As most healthcare providers know, the federal government is insisting that hospitals and practices improve their e-patient engagement strategy in order to meet Stage 2 Meaningful Use criteria. Private insurers are already going down this same path. When faced with such mandates, health IT executives and clinical leaders can take the parts changer's approach to patient engagement, or do a deeper root-cause analysis to find the best technology to address the issue.
Social media is without a doubt playing a major part in patient engagement, marketing efforts, and an overall sense of communication within the industry. Yet with the growth of these tools come other issues to keep in mind — like the legal ramifications of using outlets like Twitter, Facebook, and LinkedIn within a healthcare setting.
"These social media sites have moved beyond the novelty stage and into the mainstream," read a recent whitepaper by Actiance. "They have become so pervasive that they have emerged as effective tools within the corporate setting as well. The line separating the recreational use of these tools from legitimate business purposes has become increasingly blurred."
The focus of ACA attention will turn to results or repeal. And while a different decision could have had ACA become a weight on HITECH and health information technology (HIT), the principally bi-partisan nature of the HIT agenda should now refocus attention almost exclusively on results for it.
It is from this latter perspective, though, that there may still be HIT tumult to come. HITECH was constructed from a health IT orthodoxy (set of tightly-held, common beliefs) that has shown a few cracks of late. And some of these cracks have to do directly with the population health IT needs of health reform from a program (HITECH) that is principally built around individual patient transaction technology.
Investments in "digital health" companies--including firms in the health IT and wireless spaces--more than tripled in the first six months of 2012, according to a new report from Burrill & Co., a San Francisco financial services company. Venture-capital investments in the sector soared to $499 million in 46 transactions from $156 million in 19 transactions during the first half of 2011.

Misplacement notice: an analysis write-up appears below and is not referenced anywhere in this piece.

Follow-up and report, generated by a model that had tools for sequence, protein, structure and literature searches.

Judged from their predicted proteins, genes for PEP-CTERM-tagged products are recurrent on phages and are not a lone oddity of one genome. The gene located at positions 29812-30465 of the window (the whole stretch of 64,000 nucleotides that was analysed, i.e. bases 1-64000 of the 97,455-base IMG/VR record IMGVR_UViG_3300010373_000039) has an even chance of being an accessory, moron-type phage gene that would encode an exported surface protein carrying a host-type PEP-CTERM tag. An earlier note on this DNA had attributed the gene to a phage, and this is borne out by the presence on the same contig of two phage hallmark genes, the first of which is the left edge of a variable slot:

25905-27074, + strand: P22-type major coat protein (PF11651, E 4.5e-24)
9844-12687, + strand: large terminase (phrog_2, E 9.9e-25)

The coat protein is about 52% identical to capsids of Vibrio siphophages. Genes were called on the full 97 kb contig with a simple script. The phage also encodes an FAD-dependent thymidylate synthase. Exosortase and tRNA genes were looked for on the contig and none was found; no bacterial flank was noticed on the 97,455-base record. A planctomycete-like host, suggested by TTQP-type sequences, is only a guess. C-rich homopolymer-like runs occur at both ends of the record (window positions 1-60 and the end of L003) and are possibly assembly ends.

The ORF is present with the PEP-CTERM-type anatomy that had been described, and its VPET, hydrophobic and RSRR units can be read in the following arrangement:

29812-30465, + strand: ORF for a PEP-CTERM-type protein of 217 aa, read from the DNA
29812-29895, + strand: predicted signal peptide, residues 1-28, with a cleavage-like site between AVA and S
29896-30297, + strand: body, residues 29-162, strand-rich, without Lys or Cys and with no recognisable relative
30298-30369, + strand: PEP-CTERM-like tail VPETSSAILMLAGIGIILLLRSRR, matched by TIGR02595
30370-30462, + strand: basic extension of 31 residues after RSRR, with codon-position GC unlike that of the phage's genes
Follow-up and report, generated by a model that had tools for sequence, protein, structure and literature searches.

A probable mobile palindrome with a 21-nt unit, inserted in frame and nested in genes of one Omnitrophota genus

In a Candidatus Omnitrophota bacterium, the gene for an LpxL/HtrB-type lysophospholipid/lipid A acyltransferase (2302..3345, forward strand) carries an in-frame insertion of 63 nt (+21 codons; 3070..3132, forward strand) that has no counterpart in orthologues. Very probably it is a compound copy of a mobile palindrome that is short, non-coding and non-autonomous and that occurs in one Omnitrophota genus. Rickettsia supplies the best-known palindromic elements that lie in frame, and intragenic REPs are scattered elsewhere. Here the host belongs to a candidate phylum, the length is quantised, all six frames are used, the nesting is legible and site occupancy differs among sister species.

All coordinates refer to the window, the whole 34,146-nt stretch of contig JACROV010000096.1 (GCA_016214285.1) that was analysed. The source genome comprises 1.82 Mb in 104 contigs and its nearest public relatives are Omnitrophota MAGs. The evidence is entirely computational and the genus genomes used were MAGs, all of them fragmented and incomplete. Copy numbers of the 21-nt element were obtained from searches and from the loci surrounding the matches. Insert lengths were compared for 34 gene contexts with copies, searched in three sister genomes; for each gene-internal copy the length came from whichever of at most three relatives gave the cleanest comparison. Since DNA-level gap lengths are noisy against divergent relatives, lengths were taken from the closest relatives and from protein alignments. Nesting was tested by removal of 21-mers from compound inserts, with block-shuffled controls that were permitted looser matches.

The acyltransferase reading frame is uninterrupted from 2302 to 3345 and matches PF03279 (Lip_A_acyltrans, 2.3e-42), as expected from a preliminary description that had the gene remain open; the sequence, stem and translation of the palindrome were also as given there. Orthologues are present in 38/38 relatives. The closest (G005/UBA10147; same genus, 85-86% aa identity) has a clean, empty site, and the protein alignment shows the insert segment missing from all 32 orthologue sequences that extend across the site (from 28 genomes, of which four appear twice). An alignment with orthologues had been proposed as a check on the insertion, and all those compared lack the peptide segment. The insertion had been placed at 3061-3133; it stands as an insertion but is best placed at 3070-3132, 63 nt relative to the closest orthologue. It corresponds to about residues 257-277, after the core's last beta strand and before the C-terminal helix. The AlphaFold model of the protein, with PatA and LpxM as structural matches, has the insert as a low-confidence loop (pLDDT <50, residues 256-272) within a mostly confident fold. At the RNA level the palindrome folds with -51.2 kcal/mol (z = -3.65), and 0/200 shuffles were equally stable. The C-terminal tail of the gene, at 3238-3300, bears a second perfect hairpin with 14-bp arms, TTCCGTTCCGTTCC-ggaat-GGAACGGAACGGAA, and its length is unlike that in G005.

In what is by far the biggest venture capital deal in health IT this year, One Equity Parters, the equity investment branch of JPMorgan Chase, has agreed to take M-Modal (NASDAQ:MODL) private, buying all of its shares for $1.1 billion in cash.
M-Modal, which offers a cloud-based voice recognition program that uses natural language processing (NLP), recently announced a new product that it said could convert doctors' dictation into discrete data in electronic health records. The "speech-to-text platform," called Fluency, is a refinement of its earlier NLP software.
The Food and Drug Administration has released a proposed rule to establish a unique medical device identifier, called UDI.
The long-awaited identifier, which Congress authorized in 2007 with renewed pressure from members in recent months to implement, is designed to better enable users to track devices and enable FDA to identify safety or effectiveness concerns quicker and better target recalls.
The tender document says it is looking for a managed service to provide GP clinical system functionality via a central hosting arrangement with the inclusion of support services. The new framework is set to run for four years.
Ten years after the start of the National Programme for IT in the NHS, how do IT directors, suppliers and analysts view it? What is its legacy, and is the NHS in the right place to move forward? Chris Thorne reports.
28 June 2012
The first leader of the National Programme for IT in the NHS was the man who introduced the congestion charge to London, Richard Granger.
The programme’s failings have been well-publicised, and the scheme has often been described as a car-crash. Yet it did have some successes.
PACS was good
Paul Curley, clinical director for IT and a consultant surgeon at Mid Yorkshire Hospitals NHS Trust, believes that while it was “too ambitious” overall, it had considerable success with e-prescribing and picture archiving and communications systems.
“This is an area where NPfIT and NHS Connecting for Health [the agency set up to run the programme] have done some really useful work. This includes reviews of available systems and detailing the pros and cons – the ‘Which’ guide of pharmacy systems,” he says.